Windows Servers - Data Center by jaxmac used under Creative Comments Attribution-Non-Commercial-No Derivative Works license
For a small digital agency, running an off-site server is as important as it is unglamorous. You don’t get any of the desirable super-tech of running a cluster but all of the headaches of running a constantly used, high-availability external computer. My workplace’s existing dedicated server (which I championed, configured and maintain) is used to provide web hosting to a variety of clients – both large and small – and for the past three and half years has provided a flawless service. Upgrading is not to be taken lightly and the reasons for doing so must always result in a better service to clients – whether that’s decreased work load for you or improved site responsiveness. For me it boiled down to entropy: three and a half years is a long time for hardware to run and it will eventually fail and make my day/week/month hell on toast.
First step on this crazy adventure: audit.
Audit is a filthy word round most parts and conjures up images of bespectacled pencil-pushers or greasy tax collectors. Despite this, documenting what you have is the first step to getting something better. When I begun this process however I found that, like a house, over time a server accumulates clutter: old domains, long since defunct sites, errant processes; automation only goes so far before a cleaner has to step in.
Spending a day archiving and removing cruft is tantamount to dusting the shelves and throwing away old books and furniture before moving house – it reduces the effort required later in the process. My removals included:
- Domain name end-points – for ones which had either expired or the persons / companies had moved on
- E-mail accounts – accounts for expired domains are useless, just as accounts for long since lapsed campaigns are
- Test folders – a separate test environment means accumulation of in-progress sites was inevitable. I found a year without modification is a good metric for when to cull
- Errant services – automated / scheduled processes such as a log-parsers; awstats was set to run on Apache’s log files – no longer necessary when every site we host uses Google Analytics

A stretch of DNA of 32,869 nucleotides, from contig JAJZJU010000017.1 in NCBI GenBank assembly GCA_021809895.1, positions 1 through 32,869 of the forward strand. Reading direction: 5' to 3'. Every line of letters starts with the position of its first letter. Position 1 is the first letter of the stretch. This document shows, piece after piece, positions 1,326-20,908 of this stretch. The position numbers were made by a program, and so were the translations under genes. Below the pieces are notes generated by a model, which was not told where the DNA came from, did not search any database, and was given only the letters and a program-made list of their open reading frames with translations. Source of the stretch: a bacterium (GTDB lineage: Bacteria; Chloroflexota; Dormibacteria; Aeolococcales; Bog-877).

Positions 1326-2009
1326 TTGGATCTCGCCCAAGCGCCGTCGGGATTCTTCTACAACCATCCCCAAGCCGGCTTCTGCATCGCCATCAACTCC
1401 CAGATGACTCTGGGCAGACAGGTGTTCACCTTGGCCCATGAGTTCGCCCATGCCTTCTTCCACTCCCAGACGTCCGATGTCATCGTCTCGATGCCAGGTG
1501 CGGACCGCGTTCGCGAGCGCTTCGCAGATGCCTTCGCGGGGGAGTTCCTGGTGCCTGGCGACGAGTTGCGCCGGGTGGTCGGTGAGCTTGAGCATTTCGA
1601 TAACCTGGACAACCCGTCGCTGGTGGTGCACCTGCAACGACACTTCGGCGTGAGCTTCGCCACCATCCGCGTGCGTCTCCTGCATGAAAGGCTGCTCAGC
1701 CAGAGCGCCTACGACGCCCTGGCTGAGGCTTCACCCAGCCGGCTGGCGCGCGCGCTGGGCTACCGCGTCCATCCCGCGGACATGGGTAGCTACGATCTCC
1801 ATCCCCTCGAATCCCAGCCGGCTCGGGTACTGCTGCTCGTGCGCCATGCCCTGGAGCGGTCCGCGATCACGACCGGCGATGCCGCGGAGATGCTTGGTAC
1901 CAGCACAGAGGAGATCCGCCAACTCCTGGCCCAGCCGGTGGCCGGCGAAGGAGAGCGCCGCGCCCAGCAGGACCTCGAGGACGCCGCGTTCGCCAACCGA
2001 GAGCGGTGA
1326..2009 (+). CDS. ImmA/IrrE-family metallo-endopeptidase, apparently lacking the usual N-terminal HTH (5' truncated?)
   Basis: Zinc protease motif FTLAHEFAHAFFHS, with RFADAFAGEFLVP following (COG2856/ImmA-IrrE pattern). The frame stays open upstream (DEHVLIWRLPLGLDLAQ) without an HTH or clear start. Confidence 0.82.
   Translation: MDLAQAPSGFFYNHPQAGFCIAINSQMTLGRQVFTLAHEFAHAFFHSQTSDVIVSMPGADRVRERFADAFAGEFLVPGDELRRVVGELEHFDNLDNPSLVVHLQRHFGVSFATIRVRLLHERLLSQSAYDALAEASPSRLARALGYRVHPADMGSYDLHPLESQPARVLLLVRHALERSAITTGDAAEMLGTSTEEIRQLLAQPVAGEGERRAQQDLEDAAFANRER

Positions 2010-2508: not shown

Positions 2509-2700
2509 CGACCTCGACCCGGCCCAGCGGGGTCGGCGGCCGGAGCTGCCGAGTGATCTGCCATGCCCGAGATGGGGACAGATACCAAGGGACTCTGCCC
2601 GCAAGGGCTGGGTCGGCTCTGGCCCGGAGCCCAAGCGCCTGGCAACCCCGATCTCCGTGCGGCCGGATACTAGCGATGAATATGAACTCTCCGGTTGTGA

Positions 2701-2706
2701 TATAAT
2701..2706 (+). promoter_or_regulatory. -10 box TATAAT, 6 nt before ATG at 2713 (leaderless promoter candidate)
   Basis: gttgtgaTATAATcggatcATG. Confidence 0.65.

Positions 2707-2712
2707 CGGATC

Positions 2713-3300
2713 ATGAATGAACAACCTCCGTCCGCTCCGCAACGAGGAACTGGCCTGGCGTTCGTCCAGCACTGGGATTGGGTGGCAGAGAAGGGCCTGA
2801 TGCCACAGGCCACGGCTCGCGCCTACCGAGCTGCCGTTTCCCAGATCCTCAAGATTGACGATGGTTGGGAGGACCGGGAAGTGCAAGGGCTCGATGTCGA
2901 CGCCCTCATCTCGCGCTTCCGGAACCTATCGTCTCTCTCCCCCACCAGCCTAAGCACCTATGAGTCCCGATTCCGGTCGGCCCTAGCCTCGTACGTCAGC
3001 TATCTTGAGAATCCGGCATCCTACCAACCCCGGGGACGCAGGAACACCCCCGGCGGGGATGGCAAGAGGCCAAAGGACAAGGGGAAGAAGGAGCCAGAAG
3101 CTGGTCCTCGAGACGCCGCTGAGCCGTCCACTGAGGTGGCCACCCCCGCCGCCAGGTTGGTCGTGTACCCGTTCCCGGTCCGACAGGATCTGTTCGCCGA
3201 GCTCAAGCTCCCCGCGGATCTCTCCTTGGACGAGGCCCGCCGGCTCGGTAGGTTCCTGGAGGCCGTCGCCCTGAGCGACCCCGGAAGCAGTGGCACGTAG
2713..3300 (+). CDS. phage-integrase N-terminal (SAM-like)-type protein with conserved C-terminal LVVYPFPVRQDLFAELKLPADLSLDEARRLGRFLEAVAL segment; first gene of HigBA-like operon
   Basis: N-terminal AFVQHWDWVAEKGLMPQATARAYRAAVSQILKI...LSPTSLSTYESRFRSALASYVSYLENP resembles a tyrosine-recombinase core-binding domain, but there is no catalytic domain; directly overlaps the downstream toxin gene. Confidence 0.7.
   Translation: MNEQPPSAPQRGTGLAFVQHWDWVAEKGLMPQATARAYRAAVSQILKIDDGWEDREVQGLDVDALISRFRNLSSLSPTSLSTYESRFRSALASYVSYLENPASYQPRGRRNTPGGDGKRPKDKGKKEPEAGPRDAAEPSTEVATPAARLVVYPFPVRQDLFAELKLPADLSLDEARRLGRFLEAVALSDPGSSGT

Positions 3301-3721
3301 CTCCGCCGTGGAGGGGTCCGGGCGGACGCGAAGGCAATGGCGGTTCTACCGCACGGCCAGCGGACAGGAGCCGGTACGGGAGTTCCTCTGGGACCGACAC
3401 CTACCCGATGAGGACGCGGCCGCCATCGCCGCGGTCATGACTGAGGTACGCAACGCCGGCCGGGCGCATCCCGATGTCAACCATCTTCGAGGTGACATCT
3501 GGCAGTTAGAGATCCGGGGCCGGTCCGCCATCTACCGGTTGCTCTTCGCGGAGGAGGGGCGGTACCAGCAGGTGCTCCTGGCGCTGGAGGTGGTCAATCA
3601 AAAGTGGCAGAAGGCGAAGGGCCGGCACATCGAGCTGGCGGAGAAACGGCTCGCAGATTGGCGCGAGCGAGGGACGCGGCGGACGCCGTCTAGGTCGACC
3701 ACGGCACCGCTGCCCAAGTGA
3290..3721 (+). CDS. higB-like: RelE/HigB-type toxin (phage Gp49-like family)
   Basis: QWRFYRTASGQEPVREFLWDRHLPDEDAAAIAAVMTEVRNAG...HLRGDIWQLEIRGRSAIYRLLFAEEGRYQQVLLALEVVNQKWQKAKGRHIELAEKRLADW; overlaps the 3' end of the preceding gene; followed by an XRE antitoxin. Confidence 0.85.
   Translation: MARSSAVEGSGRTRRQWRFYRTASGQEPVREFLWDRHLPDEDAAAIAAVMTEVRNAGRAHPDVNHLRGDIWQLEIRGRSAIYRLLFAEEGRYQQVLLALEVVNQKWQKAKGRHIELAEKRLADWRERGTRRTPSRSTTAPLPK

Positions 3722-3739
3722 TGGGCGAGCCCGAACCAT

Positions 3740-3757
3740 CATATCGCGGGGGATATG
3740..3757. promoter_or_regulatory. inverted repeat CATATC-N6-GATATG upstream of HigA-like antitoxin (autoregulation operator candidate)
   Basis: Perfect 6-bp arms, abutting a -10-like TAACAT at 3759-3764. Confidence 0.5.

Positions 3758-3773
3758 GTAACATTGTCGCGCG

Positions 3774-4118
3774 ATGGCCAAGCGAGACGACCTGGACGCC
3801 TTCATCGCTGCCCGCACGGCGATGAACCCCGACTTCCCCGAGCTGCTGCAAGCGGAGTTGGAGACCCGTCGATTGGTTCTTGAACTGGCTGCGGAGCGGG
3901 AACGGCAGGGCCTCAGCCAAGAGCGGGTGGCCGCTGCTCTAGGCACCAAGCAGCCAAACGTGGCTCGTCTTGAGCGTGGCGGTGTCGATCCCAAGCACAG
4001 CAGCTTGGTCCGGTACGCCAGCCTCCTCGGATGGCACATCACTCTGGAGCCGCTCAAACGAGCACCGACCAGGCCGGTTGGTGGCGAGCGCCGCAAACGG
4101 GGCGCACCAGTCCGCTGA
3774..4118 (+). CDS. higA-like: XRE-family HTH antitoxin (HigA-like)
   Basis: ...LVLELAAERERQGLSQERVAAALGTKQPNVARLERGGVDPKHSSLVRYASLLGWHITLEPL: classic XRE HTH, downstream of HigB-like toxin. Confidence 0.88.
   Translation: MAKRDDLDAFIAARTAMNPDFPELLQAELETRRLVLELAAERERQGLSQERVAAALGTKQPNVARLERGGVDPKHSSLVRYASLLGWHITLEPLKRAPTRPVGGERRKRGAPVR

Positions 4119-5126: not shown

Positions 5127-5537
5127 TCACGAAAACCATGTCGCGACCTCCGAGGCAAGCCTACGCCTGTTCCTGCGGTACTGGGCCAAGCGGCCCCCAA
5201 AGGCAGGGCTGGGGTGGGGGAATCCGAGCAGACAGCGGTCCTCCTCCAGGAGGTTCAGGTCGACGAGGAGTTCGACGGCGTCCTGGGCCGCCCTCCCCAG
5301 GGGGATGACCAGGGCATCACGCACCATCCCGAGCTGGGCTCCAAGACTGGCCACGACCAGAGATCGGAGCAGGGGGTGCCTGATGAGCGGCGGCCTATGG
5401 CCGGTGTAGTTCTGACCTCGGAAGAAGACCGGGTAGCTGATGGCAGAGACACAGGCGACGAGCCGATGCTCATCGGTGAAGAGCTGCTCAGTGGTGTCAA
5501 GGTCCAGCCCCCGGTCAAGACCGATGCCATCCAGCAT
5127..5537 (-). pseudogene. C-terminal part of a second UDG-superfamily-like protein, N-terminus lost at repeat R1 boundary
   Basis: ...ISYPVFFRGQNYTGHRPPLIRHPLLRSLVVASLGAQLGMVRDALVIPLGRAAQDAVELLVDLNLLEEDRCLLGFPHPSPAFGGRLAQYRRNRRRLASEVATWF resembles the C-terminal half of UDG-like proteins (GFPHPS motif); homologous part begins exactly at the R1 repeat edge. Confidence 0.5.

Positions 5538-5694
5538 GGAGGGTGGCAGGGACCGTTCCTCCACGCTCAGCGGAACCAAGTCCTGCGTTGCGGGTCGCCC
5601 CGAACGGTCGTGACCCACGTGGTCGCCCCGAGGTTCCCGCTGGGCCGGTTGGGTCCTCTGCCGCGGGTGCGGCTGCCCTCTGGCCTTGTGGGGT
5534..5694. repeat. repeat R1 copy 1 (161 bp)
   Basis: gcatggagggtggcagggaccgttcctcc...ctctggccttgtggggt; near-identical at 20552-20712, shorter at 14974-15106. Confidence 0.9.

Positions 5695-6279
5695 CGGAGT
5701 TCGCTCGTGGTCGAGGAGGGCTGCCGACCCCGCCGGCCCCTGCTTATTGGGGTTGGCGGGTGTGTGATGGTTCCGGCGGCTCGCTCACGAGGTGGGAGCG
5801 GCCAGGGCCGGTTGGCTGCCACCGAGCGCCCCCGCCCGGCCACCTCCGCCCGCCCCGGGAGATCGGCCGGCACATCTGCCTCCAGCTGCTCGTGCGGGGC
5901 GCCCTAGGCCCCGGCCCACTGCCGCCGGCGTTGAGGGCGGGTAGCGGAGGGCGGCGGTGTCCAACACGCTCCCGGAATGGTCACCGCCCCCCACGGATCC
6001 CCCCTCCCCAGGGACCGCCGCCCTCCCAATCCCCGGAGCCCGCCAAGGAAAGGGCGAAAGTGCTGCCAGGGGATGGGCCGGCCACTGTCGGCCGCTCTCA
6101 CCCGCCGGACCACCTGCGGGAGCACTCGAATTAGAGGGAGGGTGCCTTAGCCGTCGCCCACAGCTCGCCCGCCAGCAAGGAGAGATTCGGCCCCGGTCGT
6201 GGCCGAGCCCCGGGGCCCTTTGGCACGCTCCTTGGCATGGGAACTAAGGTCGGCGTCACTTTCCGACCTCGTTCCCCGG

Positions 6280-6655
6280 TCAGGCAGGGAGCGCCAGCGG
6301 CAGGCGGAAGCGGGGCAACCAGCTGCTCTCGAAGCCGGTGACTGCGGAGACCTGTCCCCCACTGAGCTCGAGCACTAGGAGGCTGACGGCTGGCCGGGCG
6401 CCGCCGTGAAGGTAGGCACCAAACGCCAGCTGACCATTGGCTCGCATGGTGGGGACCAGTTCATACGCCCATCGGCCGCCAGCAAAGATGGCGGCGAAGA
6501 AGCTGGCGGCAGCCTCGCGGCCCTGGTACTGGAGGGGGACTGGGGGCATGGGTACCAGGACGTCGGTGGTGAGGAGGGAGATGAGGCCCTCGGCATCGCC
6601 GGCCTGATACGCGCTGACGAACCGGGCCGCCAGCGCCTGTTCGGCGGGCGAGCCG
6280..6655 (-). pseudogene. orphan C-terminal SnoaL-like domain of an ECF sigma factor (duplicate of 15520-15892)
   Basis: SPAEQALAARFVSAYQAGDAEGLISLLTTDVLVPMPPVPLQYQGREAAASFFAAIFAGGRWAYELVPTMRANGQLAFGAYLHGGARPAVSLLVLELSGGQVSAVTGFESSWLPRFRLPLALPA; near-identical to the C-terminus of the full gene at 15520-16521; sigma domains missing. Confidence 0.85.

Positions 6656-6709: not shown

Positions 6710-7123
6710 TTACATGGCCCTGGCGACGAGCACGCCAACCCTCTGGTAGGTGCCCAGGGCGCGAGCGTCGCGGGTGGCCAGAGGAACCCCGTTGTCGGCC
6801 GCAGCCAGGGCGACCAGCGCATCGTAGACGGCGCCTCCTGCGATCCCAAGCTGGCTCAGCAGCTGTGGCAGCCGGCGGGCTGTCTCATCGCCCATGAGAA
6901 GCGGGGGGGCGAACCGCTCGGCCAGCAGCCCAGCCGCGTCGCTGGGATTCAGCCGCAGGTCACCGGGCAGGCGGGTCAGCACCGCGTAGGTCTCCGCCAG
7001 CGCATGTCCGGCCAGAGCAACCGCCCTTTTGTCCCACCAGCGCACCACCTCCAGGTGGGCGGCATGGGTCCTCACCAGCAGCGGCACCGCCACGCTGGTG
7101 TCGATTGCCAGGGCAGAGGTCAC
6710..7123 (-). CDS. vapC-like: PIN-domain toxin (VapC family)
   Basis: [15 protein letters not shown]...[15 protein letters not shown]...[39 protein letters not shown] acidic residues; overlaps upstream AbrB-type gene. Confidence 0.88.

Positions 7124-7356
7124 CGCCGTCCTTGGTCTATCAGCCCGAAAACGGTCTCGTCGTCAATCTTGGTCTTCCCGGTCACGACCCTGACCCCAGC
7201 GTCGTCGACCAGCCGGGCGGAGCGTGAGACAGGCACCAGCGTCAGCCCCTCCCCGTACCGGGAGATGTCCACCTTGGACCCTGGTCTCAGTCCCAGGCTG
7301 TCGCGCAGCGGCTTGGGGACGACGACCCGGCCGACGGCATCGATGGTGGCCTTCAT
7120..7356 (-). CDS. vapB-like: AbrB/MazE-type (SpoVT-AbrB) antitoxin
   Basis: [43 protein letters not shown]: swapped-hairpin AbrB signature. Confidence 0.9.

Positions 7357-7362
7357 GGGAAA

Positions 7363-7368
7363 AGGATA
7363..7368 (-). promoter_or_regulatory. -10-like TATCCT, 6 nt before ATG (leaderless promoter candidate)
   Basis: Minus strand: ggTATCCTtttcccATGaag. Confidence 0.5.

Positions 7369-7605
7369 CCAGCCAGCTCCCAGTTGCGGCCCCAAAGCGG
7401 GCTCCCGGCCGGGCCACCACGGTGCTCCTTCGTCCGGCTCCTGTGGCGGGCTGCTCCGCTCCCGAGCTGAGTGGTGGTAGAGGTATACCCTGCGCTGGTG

- Old databases – very few of these but the odd one sometimes slips through
After archiving, it was time for the document itself.
Putting as much information into the audit as possible is immeasurably important for a server move. Anything and everything to do with the hardware, software, services, clients, accounts, databases, configuration files, contacts to name but a few. Doing this creates a single tome to refer to rather than having to scrabble around for details if, in the worst case, things go awry (as oft do).
A non-exhaustive list of areas I documented included:
- Hardware – what is the server running on, processor speed, RAM size (latency, bad sectors), hard drive set up (RAID, size, throughput)
- Operating system – flavour, version, kernel version, partitions (including flags), upgrade system, custom repositories
- Core services – what the server does and doesn’t offer
- Key applications – what is running all the time, version numbers, patch levels and dependencies
- Scheduled tasks – what runs when and its purpose, could be as simple as logwatch, or perhaps as specialised as a point-in-time backup script
- Domain end-points – even if you don’t run your own DNS server, your web server needs to know what points where
- Domain names – nameservers, which company manages them, who to speak with to get domains repointed / altered
- Clients – who has a stake with what on the server, includes contact numbers for content providers, technical liaison, who manages the domain, who pays the bills. List associated domain names, e-mail addresses etc. alongside
- Databases – not just MySQL/Postgres, include details of any that the mail server may build, any embedded ones (SQLite), password caches
- E-mail addresses – service type (POP3, IMAP, SSL), quotas, usernames, passwords, retention policies
- Config files – any modified or customised configuration should be included in full (probably in an appendix) with the location of the file and related service
- Firewall rules – a simple iptables output may be all that’s necessary
- Open ports – anything that (x)inetd may respond to, non-standard port definitions, port knocking
- Shell accounts – usernames, home directories (both location and contents)
With the document created, there now exists an all-access pass to your server and will be coveted by anyone with nefarious purposes in mind. How you secure this document is entirely up to you: whether you print out one copy and encrypt the digital version, set up a trusted third party to hold on to it or go for public-private key encryption and hand it out to trusted members of your company.
Also be sure to note that the document is not just beneficial for you, but also for anyone who may have to pick up where you left off. If things go awry mid-move, say a sudden onset of kidnapping befalls you, colleagues and contractors will benefit enormously from the document. Who knows, they may even chip in for your ransom. Locking the document away where only you can access it may not be the best move.
In theory the utility of the document is time limited as you’re aiming to get your new server ready soon which would make the existing one obsolete; the key message really is: don't underestimate how sensitive a server audit document actually is.
Creating a server audit document serves two primary purposes:
- A document that wholly encapsulates your server providing a single reference point for any query you or anyone may have
- It gives you a better understanding of the server as a whole
This contributes towards the maxim that I find so important: the more you know and the better prepared you are, the easier it’s going to be.